All 1 Baroness Scott of Bybrook contributions to the United Kingdom Internal Market Act 2020

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Mon 19th Oct 2020
United Kingdom Internal Market Bill
Lords Chamber

2nd reading & 2nd reading (Hansard): House of Lords

United Kingdom Internal Market Bill

Baroness Scott of Bybrook Excerpts
2nd reading & 2nd reading (Hansard): House of Lords
Monday 19th October 2020

(1 year, 10 months ago)

Lords Chamber
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Lord Clarke of Nottingham Portrait Lord Clarke of Nottingham (Con)
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My Lords, I find it difficult to express how strongly I am amazed and deeply dismayed that any British Government of any complexion should produce before Parliament a Bill which contains the provisions of Part 5 of this Bill. I never expected in my parliamentary career, which has not been a short one, to find myself reading a Bill of this kind presented for parliamentary approval. It has already been said, and will be said many times in this debate, that it appears to give the Government unfettered power to break, in any way they find necessary, particular provisions of a treaty upon which the ink is barely dry. I will not attempt—I do not have the time—to compete with the undoubted eloquence of the noble and learned Lord, Lord Judge, and my noble friend Lord Howard, who have expressed the shock which everybody who has any regard for the rule of law in this country undoubtedly feels.

I move on to my more familiar field, though I am a long practiced and experienced lawyer, and shall talk about the politics which underlines this, which I also find quite bizarre and completely inept. The origins of the need for this Bill are quite extraordinary. It all arises from the decision taken shortly after the referendum that Brexit would involve leaving the single market and the customs union. I strongly disagreed with that, and think that we could have left the European Union and remained. I actually moved a Motion in the House of Commons and got within six votes of a majority for staying in the customs union, which, unfortunately, is nearer than the then Prime Minister, Theresa May, got to achieving anything. But that is not the issue today. I accept that we are committed to leaving the single market and the customs union, and I accept the judgment of Parliament and the population, but it does give rise to all the problems that the Government do not know how to solve.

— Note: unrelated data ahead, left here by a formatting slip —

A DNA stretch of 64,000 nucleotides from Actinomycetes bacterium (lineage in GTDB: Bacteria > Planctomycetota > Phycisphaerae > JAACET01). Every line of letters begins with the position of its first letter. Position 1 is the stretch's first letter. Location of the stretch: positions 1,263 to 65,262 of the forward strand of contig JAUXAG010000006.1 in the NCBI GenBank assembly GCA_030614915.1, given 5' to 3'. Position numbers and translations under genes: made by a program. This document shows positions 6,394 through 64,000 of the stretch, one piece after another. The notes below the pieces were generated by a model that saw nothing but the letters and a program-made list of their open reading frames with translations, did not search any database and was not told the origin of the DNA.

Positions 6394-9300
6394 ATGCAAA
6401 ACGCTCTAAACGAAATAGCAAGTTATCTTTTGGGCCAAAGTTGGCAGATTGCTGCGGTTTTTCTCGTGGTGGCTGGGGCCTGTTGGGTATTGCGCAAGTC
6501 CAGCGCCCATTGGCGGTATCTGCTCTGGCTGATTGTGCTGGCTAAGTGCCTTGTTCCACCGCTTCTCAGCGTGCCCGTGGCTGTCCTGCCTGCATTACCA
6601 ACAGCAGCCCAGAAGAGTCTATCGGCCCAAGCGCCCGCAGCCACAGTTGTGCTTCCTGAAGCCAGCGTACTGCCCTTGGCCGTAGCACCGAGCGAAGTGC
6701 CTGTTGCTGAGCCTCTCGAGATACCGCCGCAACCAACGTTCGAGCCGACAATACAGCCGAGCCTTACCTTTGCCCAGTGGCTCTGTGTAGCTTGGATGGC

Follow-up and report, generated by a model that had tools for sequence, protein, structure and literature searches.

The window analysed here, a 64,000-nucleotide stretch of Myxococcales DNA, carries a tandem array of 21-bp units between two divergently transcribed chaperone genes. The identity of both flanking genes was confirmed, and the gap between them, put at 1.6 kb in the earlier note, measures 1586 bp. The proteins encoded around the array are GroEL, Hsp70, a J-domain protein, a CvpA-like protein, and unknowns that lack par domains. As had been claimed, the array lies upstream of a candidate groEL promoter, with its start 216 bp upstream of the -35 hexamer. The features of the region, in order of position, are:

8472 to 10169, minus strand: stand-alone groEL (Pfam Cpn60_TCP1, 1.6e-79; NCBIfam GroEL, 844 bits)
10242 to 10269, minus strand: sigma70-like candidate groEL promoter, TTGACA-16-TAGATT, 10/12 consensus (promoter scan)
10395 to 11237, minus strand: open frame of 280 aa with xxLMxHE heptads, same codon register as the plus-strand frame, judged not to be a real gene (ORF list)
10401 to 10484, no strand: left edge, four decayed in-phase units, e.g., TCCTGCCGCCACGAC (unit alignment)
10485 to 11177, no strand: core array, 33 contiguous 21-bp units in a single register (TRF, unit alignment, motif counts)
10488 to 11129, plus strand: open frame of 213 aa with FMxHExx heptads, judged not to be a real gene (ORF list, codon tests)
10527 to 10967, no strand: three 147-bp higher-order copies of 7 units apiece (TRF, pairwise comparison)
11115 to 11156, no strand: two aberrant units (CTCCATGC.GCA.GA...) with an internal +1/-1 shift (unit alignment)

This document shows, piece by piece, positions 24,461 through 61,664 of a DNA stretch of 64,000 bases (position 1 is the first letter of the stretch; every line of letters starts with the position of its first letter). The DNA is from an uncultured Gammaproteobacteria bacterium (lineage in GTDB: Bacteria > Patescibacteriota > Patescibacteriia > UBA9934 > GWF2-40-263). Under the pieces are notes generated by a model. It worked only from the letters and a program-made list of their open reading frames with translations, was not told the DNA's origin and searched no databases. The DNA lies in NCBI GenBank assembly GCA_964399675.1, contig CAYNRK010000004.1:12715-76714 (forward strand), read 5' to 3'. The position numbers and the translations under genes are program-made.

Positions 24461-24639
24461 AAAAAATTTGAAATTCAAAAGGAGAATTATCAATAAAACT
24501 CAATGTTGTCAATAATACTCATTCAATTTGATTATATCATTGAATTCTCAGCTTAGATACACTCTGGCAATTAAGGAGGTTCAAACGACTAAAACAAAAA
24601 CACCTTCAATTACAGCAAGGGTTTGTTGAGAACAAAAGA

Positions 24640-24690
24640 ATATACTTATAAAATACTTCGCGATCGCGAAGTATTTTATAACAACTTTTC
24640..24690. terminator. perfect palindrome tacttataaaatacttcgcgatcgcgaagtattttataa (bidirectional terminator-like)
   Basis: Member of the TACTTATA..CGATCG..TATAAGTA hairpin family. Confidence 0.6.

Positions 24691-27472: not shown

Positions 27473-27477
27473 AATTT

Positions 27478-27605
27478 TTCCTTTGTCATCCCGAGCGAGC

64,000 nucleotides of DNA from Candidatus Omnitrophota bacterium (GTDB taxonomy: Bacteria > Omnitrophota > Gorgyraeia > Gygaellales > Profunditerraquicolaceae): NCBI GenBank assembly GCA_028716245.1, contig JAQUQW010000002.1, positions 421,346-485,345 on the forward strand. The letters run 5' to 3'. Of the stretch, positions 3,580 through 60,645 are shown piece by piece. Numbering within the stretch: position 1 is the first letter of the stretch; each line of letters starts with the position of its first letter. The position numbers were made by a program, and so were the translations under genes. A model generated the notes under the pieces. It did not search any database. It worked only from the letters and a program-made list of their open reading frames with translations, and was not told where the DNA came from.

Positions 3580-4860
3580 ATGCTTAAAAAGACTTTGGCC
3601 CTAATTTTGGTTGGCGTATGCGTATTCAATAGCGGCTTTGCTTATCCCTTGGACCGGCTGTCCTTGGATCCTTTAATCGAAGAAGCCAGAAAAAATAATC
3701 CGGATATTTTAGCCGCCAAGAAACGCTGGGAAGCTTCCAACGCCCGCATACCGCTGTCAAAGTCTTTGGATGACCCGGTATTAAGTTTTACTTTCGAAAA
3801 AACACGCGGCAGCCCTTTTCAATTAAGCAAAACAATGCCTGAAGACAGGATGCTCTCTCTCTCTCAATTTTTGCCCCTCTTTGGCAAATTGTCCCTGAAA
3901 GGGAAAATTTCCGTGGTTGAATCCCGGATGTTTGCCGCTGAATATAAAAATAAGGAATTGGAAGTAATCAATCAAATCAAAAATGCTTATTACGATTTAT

Once you leave the customs union and the single market, you need a customs frontier between your own internal market and the rest. That is wholly in accordance with all the ordinary practices of international trade in modern times, WTO rules and all. Everybody knows that at Dover this could create a very considerable problem, and we are preparing to recruit the people, get the lorry parks, handle the traffic, and get people to prepare for the paperwork that is involved. The problem of course arose in Ireland, which no one seemed to have thought about very clearly, until they realised that to do the same in Ireland would totally undermine that extremely important agreement for the security of the United Kingdom and the Republic, the Anglo-Irish agreement. The solution was determined that Ulster should stay in the customs union and single market, and Great Britain should leave, which means that we have a customs frontier down the Irish Sea.



This was not a sudden or ill-considered thought; it was argued about vigorously. The Democratic Unionist Party, otherwise firm Brexiteers, opposed the whole agreement on that basis but the fact remains that we have committed ourselves to having a frontier. The proper thing to do now is not to go back on our word with no solution—it is quite unclear what the Government really propose by way of essential customs controls that are still compatible with the agreement—but to minimise the necessary delays, as I hope we are doing in the negotiations with the EU. If we insist on changing standards, we should have equivalence of standards and arbitration procedures to settle disputes, and we should make sure that there are as few disruptions to trade, delays to the border and costs as possible. As I said, it is not quite clear what would happen if you just left a hole in the controls between Ireland and GB.